Skeptical scientists agree with all those points, but note that they do not prove that something else isn't causing most of the warming.  As a thought experiment, suppose that the main cause of warming was actually Venusians with ray guns.  Then all those points would still be true!

Skeptics point out that the extra humidity caused by the extra CO2 might cause more clouds.  Clouds reflect incoming sunlight and so cool the planet, which would counteract the direct CO2 warming.  Skeptics say the changes in humidity and clouds, instead of amplifying the direct CO2 warming by three, probably dampen it instead, maybe halving it.

Global cloud cover was observed to decrease during the warming of the 1980s and 1990s.  But the warmists say there are fewer clouds because it warmed.  So we are left wondering, did fewer clouds cause the warming, or the other way around?

The skeptic's main suspect is the sun.  While the sun's radiation is roughly constant, its magnetic field varies considerably.  This field shields the earth from cosmic rays that, according to recent experiments at the world's premier atom-smasher CERN, create very small particles in the air.  These in turn might lead to bigger particles that seed clouds.  Clouds cool the planet, so the warming over the last century might have been due to the sun's increasing magnetic field strength.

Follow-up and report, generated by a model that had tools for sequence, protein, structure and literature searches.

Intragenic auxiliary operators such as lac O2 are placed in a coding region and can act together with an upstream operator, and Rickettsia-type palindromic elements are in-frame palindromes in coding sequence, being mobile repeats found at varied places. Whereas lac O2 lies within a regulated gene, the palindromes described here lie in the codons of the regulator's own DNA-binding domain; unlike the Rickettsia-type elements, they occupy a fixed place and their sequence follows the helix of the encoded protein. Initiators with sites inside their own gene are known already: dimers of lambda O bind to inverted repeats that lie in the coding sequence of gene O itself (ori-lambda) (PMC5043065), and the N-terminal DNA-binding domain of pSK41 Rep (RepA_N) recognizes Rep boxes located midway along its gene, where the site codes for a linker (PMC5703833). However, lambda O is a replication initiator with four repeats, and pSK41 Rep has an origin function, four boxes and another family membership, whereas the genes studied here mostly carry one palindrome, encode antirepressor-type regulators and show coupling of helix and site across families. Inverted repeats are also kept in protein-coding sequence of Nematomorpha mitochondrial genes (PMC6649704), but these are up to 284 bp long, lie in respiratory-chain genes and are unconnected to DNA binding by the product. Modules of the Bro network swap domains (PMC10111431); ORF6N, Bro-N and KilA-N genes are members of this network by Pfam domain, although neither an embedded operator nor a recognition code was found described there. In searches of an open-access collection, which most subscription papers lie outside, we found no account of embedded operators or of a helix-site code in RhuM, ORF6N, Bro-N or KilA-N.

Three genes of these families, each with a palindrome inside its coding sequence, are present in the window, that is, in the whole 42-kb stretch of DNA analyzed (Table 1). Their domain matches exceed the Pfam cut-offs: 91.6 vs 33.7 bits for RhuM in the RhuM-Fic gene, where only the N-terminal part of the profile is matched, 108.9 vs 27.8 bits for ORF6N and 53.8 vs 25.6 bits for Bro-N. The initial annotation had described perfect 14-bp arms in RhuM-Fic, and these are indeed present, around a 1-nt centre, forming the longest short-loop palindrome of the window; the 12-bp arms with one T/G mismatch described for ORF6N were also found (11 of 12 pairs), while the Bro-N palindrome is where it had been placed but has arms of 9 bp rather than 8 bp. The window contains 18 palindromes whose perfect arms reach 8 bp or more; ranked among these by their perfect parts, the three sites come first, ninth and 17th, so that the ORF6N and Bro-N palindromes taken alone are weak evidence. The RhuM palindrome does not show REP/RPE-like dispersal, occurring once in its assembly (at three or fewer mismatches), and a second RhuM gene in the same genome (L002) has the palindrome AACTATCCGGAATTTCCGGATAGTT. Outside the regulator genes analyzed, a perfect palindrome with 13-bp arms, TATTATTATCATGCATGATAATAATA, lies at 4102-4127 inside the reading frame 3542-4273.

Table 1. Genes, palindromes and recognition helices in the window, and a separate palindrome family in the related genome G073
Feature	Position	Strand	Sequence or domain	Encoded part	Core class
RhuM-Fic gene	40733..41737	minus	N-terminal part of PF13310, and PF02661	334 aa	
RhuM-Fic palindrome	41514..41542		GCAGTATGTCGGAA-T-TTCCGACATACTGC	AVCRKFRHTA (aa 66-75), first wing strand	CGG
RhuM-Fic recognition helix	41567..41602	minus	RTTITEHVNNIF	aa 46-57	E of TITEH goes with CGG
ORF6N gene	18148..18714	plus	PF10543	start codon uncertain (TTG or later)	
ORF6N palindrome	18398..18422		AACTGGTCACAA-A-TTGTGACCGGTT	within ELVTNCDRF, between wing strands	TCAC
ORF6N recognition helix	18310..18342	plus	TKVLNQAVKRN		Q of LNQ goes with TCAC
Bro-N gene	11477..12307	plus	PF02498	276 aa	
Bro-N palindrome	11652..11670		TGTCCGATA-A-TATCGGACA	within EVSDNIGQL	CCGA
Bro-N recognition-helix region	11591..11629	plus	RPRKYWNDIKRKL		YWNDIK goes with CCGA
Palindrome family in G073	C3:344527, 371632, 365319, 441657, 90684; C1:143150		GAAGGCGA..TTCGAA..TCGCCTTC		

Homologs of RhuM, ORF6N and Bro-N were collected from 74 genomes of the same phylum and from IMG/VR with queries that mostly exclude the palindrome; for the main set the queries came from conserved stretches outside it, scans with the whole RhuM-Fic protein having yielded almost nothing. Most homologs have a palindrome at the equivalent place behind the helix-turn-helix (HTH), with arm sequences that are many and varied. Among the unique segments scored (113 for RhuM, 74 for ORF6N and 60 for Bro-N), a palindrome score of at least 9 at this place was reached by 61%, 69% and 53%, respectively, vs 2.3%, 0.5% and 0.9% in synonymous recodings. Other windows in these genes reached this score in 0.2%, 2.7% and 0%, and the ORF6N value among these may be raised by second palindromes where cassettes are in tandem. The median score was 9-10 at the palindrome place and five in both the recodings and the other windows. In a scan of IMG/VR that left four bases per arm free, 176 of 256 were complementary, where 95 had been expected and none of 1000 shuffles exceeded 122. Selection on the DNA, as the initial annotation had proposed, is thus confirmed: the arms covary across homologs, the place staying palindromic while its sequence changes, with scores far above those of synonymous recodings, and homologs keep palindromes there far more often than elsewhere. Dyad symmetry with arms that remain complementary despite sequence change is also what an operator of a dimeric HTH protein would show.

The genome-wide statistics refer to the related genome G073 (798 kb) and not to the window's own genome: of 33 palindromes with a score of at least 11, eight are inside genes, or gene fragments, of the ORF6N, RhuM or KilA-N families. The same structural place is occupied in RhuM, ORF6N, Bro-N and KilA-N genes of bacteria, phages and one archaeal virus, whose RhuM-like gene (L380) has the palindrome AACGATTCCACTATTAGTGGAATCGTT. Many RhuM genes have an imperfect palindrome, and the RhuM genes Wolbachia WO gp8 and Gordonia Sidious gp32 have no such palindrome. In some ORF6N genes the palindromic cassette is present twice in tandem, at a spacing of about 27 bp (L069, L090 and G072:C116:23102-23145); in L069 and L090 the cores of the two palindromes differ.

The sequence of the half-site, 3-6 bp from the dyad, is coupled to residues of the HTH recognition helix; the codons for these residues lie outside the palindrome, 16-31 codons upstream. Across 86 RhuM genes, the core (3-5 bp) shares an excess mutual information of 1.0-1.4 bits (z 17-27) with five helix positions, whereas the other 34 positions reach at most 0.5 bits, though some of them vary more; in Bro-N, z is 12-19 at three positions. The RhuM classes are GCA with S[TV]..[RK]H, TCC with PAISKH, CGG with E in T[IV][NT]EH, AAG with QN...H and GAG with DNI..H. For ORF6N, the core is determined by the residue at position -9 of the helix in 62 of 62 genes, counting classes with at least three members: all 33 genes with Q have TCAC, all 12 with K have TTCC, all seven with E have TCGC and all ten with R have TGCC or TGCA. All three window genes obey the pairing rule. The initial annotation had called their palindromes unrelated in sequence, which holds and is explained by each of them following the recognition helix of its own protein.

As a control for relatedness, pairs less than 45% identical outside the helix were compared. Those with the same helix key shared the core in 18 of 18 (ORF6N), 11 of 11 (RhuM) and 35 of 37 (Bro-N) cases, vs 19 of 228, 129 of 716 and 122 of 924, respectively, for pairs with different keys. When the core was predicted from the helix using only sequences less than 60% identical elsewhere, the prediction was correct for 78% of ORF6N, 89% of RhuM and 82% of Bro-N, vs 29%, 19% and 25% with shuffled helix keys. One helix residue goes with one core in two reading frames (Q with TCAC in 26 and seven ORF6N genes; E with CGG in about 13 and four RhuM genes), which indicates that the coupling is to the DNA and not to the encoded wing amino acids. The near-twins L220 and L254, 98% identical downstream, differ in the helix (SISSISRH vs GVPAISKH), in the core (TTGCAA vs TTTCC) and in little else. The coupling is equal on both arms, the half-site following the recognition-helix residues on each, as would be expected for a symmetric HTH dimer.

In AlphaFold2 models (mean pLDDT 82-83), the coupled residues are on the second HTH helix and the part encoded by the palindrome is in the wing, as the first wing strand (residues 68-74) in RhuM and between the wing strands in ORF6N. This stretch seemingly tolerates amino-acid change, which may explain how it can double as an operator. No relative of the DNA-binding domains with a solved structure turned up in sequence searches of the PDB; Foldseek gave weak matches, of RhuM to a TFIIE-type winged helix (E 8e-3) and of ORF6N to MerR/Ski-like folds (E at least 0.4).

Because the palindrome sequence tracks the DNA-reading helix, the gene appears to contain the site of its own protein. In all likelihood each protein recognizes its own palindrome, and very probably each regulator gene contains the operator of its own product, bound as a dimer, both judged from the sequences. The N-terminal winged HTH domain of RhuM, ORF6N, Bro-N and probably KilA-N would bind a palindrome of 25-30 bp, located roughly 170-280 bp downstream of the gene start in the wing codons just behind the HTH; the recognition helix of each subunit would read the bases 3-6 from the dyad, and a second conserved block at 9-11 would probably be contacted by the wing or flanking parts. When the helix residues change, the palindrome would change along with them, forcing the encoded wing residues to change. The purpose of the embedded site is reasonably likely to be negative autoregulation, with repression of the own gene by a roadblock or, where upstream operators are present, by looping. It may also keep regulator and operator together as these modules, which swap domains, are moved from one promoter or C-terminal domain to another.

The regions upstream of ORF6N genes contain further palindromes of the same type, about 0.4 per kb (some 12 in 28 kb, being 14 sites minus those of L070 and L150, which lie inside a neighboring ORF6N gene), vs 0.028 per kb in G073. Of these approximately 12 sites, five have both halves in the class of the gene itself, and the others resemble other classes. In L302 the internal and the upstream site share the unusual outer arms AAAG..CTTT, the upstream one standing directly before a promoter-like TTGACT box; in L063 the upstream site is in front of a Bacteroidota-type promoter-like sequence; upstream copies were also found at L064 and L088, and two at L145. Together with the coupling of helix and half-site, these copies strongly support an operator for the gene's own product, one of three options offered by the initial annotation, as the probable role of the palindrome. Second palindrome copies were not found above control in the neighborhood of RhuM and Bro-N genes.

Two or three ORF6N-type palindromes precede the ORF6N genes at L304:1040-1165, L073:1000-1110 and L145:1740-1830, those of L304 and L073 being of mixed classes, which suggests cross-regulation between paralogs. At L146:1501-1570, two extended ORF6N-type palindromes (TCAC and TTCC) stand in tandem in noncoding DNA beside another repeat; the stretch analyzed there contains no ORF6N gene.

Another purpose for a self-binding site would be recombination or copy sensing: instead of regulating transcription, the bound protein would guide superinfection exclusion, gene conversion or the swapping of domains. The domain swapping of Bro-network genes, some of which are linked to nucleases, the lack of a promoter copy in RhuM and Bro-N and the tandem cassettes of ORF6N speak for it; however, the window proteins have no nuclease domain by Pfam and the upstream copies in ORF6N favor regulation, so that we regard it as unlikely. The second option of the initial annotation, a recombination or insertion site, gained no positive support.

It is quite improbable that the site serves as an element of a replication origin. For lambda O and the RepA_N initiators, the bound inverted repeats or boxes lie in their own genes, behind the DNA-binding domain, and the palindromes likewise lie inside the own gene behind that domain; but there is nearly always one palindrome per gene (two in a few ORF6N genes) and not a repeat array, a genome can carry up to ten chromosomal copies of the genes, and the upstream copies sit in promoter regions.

We scientists can calculate how much warming results directly from an increase in CO2 levels.  We know how much CO2 levels and temperature have risen since pre-industrial times, but the warming directly due to CO2 is only a third of the observed warming.  The theory assumes that no other major influence on temperature changed, so the effect of the CO2 must have been amplified threefold, presumably by changes in the atmosphere due to humidity and clouds.  That is the crucial warmist assumption.

There is no observational evidence for this amplification, but it is nonetheless implicitly built into all the models.

If the CO2 theory of global warming is right, the climate models should predict the climate fairly well.  If the CO2 theory is wrong, because there is another, larger driver of the temperature, then the climate models will perform indifferently.